Health care within the community must be breastfeeding friendly if a community is to support breastfeeding. Research confirms that comprehensive breastfeeding support in prenatal, maternity, and postnatal care results in improved breastfeeding success.
- Work with the North Carolina Breastfeeding Coalition.
- Review the recommendations from the Academy of Breastfeeding Medicine for a Breastfeeding-Friendly Physician’s Office
- Come to a Breastfeed Durham meeting or email us if you need support
- Attend the Carolina Global Breastfeeding Institute’s Breastfeeding University.
- Collaborate with local WIC, breastfeeding organizations (Breastfeed Durham, La Leche League, etc.), and/or health care organizations to make available breastfeeding materials and trainings.
- Hospitals and birth centers seek the Baby-Friendly Hospital designation.
- Give special attention to meeting the needs of various racial/ethnic groups.
- Continue to provide encouragement and support to other healthcare providers.
- Support families with breastfeeding education.
- Discourage the promotion of commercial infant or related toddler formula through ads or free samples and, when supplementation is medically-indicated
- Make every effort to provide expressed milk from parent or donor human milk before infant formula.
Practices for all Health Service Providers:
- Breastfeeding families are always welcome and respected. They will never be treated poorly, asked to stop breastfeeding, or asked to cover up or move.
- Do not promote or provide infant formula (including toddler formula), coupons, or related products unless medically indicated. Do not accept gifts of infant feeding products from manufacturers nor display infant feeding products.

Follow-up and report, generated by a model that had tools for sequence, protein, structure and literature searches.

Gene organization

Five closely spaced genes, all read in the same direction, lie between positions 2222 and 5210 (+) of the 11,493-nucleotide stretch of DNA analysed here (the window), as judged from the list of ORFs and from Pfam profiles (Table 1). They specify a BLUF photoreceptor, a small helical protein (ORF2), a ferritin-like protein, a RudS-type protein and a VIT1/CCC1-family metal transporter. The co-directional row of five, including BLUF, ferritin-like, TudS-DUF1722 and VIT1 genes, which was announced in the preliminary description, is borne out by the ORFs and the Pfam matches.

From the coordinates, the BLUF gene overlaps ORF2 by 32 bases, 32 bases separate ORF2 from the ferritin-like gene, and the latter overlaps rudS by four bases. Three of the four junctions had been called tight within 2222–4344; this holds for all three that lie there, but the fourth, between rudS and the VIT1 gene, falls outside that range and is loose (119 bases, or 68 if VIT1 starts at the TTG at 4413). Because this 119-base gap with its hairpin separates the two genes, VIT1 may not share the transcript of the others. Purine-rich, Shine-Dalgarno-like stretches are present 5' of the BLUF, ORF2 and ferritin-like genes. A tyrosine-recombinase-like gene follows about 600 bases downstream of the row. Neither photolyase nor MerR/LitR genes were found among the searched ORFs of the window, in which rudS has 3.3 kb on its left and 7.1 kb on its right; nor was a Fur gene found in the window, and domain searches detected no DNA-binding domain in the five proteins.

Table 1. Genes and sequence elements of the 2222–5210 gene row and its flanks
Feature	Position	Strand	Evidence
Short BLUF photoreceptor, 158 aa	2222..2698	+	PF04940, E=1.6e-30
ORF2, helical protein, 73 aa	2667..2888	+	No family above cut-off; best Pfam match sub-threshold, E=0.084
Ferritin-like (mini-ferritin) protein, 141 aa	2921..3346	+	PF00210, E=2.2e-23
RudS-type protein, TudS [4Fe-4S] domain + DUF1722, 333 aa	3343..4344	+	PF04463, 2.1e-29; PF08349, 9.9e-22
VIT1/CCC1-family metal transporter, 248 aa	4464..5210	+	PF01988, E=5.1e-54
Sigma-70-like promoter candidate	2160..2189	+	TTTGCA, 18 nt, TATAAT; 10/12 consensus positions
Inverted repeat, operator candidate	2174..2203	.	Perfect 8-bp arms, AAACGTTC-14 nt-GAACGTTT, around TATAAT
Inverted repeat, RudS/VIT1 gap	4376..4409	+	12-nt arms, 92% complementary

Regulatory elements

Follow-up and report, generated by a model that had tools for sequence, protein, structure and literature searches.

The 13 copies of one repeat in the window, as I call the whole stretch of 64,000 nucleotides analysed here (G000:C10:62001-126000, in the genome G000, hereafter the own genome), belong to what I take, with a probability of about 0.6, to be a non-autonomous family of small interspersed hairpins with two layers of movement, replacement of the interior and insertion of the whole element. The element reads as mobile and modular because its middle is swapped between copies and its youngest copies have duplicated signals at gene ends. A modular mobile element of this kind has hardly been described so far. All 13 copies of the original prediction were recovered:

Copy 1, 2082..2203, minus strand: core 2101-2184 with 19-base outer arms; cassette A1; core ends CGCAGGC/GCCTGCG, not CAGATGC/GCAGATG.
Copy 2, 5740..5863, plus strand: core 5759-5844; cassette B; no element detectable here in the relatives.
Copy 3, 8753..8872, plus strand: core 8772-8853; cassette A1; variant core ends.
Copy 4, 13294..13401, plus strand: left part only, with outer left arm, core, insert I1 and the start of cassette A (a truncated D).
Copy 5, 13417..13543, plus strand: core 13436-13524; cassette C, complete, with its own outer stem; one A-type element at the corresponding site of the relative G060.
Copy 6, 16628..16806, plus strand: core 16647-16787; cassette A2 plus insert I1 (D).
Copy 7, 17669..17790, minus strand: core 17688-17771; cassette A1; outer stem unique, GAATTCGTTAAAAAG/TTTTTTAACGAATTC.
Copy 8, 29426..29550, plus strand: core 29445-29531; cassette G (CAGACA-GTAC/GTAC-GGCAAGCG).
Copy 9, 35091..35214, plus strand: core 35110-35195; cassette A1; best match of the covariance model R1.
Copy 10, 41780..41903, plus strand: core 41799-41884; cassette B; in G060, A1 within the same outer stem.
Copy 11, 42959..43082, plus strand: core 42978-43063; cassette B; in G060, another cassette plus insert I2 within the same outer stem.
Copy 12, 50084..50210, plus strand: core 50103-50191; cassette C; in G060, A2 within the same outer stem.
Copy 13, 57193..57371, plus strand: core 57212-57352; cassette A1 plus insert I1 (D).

- Have a breastfeeding policy. The policy should include sections for the patients, providers, and staff education; advice/telephone triage with a response time within 4 hours; and dispensing formula.
- Allow all lactating employees breaks to express milk or nurse their children and access to a private space for expressing milk or nursing. Space is not a bathroom; is lockable and shielded from view; includes an electrical outlet, and has hand hygiene available.
- Adhere to the breastfeeding practice advice of the breastfeeding expert opinions of our respective professional associations/colleges and/or the Academy of Breastfeeding Medicine.
Additional Practices for Obstetrics, Pediatrics, Family Medicine, and Med-Peds:
- Take at least 3 hours of clinical breastfeeding support training.
- Have an IBCLC on staff and/or actively refer all prenatal and postpartum women to skilled providers.
- Actively ensure that all prenatal patients receive interactive education on breastfeeding, as well as local support groups/healthcare information.
Please contact us with any feedback or questions.